In a harrowing population collapse not seen perhaps since the dinosaur extinction, 120,000 (and counting) saiga antelopes have been reported dead across Kazakhstan. 120,000 amounts to 1/3 of the antelope’s total population, which dipped as low as 50,000 just 20 years ago due to heavy poaching following the collapse of the Soviet Union. Wildlife experts are unable to offer a clear explanation for the catastrophic collapse, noting that the final death toll will likely be higher.
“This loss is a huge blow for saiga conservation in Kazakhstan and in the world, given that 90% of the global saiga population is found in our country. It is very painful to witness this mass mortality. We established a working group that includes all relevant experts, including international ones, and are determined to identify the causes and undertake all possible efforts to avoid such events in the future,” said Erlan Nysynbaev, Vice Minister of the Ministry of Agriculture of Kazakhstan.
Perhaps most shocking is that the collapse only began mid-May, just a couple of weeks ago. The saiga give birth en masse, crowding into huge herds to give birth all at once. So far, four such herds have been affected by the plague, and in each case every single animal in the herd died. Mothers and their calves were the primary victims.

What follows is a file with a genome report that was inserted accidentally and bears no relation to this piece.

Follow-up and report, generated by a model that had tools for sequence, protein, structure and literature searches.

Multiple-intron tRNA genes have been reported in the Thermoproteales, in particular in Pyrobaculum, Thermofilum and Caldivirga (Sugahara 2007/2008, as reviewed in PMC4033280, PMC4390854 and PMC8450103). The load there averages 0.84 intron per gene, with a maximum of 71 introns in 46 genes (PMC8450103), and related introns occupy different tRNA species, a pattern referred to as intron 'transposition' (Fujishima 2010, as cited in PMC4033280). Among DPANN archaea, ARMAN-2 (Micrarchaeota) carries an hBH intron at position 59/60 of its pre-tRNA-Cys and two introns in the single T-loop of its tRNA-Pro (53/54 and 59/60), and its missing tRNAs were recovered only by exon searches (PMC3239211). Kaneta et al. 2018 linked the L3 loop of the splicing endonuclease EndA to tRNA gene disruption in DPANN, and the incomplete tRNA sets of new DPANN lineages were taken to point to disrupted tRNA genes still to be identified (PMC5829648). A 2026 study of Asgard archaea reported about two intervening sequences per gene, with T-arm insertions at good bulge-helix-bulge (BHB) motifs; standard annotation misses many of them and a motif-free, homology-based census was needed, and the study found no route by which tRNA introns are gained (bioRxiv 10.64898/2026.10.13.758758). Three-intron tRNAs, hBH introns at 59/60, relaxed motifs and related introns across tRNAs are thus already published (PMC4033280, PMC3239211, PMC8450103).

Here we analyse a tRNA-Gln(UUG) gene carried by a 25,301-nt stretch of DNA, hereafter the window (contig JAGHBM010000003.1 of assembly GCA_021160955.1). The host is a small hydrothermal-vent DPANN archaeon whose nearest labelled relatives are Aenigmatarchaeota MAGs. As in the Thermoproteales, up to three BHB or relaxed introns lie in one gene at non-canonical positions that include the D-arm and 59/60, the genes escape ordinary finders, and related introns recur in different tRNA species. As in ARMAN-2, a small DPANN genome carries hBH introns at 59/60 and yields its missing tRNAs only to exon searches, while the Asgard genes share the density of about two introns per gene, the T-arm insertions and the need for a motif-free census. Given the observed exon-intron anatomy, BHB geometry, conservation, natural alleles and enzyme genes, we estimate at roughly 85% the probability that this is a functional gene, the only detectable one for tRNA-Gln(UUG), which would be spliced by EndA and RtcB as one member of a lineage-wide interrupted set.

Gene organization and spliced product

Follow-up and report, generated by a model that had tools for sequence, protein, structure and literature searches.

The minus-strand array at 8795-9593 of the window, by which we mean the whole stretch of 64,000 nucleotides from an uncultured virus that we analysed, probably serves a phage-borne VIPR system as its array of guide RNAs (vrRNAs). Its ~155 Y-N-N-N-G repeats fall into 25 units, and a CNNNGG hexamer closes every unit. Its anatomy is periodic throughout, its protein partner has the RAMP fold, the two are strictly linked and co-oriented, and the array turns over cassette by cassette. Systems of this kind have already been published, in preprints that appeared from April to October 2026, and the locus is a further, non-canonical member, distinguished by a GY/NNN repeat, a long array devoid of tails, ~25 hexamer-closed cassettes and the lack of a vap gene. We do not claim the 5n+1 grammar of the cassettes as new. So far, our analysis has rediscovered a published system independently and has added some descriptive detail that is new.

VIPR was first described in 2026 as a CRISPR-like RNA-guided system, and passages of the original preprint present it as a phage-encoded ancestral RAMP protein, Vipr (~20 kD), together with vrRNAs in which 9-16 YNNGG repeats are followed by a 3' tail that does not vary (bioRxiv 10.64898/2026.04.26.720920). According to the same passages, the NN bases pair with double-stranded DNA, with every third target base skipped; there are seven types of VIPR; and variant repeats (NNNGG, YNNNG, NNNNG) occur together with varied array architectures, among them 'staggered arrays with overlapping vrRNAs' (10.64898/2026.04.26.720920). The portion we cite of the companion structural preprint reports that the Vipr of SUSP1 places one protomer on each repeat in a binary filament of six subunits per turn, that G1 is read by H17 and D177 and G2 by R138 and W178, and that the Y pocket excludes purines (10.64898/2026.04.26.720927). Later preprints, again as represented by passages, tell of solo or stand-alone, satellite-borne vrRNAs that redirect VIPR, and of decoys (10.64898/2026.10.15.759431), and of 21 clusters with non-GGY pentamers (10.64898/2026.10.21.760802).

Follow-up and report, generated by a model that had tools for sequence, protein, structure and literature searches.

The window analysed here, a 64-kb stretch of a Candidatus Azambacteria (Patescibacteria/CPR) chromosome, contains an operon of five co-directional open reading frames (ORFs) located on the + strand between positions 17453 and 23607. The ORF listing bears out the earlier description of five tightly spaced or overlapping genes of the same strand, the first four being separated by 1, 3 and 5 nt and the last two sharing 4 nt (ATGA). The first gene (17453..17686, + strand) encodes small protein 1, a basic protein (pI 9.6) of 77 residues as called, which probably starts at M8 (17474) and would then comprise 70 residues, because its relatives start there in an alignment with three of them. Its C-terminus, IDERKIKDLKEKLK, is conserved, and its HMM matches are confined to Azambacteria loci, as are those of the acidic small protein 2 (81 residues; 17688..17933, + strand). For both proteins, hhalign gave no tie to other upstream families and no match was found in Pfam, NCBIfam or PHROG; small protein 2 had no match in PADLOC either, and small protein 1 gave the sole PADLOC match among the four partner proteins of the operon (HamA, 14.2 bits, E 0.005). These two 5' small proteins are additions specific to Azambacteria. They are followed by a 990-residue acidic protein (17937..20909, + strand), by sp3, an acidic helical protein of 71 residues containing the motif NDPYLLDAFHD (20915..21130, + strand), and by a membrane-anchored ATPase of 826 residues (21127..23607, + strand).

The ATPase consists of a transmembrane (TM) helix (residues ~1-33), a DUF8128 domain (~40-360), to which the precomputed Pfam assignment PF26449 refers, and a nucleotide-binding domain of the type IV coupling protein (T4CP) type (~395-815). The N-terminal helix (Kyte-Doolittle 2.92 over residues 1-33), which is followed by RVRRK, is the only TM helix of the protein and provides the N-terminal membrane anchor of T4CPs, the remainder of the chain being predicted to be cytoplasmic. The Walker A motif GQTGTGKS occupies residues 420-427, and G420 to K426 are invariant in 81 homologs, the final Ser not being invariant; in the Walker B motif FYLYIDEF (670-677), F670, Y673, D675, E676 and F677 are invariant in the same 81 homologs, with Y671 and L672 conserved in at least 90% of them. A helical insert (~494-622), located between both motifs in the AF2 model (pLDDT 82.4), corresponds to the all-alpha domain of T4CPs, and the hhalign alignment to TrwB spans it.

Early analysis suggests that two biological pathogens, Pasteurella and Clostridia, have something to do with the die-offs. Both pathogens are known to affect the saiga, but they cannot be the main drivers of the collapse – they typically only cause harm when an animal’s immune system is already weakened. Experts have not stated whether low genetic diversity could have made the saiga more vulnerable. Environmental factors may also be at play.
“Experts are working around the clock to investigate the impacts in terms of wildlife health of the relatively high rainfall observed this spring, the composition of the vegetation and other potential trigger factors including a suite of viruses. None of the data analysed to date indicates that rocket fuel is related to the mass die-off. Fresh laboratory results are becoming available every day,” says Aline Kühl-Stenzel, Terrestrial Species Officer at the UNEP/CMS Secretariat.
While mass die-offs are not unusual for the saiga antelopes, the scale of the latest one is unprecedented. Though response teams continue to tally up the bodies, scientists say that the collapse is officially over, citing GPS-tagged animals surviving in other herds. The hunting of saiga is illegal in Kazakhstan in an effort to ward off poachers who use their horns in traditional Chinese medicine. With any luck, the resilient animals will rebound just fine.
“Saiga antelopes often have twins and populations are able to rebound quickly. Our hope is that if we can control what is driving these mass mortality events as well as tackle the number one threat to saigas – wildlife crime and poaching – populations will be able to recover. Collaboration among all stakeholders is vital. Kazakhstan is leading the way and I look forward to the Range States putting in place strong policies at the CMS Saiga meeting,” CMS Executive Secretary Bradnee Chambers.